Vitamins and minerals
Certain population groups require specific nutrients, such as:- infants and children, which may require iron, vitamin D and fluoride supplements;- girls and women, may require calcium and folic acid supplements;- people recovering from an illness or accident, who have a chronic illness or who cannot consume a series of foods;- individuals over 50 years: because those over 50 years are deficient in the absorption of vitamin B12 and calcium in food, it is recommended to supplement them. Nutritional supplements cannot replace a balanced diet. These do not contain all the vitamins, minerals, antioxidants and phytochemicals found in foods. For most people, a balanced diet provides all the nutrients to maintain health, so nutritional supplements are not required. These supplements should be recommended by a nutritionist.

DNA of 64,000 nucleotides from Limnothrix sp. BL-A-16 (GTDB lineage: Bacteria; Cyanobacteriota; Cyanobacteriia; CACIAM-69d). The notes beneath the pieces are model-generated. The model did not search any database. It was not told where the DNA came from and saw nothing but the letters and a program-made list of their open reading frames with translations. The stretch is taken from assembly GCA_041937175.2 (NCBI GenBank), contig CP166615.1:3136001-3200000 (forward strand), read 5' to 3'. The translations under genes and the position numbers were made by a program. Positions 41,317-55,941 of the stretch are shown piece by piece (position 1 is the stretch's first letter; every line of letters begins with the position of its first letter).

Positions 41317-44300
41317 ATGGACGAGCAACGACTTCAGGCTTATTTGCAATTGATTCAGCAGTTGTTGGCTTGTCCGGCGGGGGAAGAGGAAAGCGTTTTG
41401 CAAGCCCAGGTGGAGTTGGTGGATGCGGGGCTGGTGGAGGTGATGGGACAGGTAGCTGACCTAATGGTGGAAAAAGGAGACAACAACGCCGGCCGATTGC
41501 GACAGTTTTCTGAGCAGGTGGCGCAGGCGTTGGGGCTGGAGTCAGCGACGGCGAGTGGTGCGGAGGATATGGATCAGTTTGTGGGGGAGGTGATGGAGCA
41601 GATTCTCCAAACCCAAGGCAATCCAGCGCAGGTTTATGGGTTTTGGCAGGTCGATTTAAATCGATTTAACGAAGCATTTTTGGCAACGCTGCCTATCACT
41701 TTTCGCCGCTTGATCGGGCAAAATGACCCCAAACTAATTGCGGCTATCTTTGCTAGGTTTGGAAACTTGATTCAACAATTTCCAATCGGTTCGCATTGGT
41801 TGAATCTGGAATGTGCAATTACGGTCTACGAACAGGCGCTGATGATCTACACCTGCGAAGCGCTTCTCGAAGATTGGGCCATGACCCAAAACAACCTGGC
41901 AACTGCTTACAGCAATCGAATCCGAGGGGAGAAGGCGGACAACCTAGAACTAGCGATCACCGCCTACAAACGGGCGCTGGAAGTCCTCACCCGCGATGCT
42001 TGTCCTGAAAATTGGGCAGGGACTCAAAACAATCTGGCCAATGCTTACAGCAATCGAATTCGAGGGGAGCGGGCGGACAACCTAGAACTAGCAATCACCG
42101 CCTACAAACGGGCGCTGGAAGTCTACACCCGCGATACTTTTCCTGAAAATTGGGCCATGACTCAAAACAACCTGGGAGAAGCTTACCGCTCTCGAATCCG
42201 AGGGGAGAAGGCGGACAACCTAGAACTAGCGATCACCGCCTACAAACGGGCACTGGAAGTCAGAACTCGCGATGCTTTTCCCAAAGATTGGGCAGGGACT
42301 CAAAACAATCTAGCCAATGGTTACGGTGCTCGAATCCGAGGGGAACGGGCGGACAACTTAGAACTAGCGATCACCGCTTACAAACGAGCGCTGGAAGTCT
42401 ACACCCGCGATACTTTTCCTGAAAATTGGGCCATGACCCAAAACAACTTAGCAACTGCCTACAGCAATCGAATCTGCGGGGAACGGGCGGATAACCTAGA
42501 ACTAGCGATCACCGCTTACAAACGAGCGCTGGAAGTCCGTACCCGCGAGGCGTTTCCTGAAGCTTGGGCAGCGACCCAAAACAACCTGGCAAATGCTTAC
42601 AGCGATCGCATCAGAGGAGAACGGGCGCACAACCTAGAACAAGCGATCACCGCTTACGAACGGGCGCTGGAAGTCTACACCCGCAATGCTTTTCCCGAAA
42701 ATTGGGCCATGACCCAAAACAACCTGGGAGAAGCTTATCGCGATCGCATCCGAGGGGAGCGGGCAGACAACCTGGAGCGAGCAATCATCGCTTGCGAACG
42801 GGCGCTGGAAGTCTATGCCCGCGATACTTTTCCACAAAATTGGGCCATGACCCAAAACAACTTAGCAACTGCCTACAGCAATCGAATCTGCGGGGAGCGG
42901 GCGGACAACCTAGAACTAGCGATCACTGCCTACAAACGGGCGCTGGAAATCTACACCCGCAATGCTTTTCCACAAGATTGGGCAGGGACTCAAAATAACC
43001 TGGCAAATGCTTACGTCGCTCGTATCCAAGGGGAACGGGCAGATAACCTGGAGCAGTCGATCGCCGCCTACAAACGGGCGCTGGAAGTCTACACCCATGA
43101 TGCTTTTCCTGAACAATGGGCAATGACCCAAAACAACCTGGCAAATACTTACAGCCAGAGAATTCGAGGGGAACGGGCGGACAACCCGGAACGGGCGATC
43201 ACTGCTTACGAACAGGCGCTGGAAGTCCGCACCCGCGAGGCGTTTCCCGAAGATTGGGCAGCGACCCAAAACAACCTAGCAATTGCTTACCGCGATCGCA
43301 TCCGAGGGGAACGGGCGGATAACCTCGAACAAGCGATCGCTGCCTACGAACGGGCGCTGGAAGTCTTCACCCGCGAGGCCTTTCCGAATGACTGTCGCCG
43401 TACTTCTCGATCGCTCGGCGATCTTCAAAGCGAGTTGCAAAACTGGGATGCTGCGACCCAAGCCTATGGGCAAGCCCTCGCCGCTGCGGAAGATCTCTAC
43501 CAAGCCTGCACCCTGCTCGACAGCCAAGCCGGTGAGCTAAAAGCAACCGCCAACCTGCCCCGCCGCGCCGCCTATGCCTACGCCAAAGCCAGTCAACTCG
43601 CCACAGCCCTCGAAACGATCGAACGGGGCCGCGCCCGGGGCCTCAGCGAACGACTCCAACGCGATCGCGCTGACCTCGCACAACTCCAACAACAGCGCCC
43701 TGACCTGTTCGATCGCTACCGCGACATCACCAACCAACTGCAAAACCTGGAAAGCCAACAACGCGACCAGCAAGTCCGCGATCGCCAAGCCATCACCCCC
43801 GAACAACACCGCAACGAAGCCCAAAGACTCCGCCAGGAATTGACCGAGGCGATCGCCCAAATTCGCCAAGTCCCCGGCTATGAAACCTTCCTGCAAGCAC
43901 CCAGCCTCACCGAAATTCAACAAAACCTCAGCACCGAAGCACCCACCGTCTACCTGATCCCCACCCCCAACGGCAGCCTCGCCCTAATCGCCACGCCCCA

Conditions in which diet plays an important role in treatment include:
– diabetes mellitus;
– heart failure;
– coronary heart disease;
– chronic kidney disease;
– ulcer-necrotic colitis;
– high blood pressure;
– cystic fibrosis;
– food allergies;
– food intolerance (including lactose intolerance);
– celiac disease or gluten intolerance;
Additional information about these special diets can be obtained from doctors or nutritionists.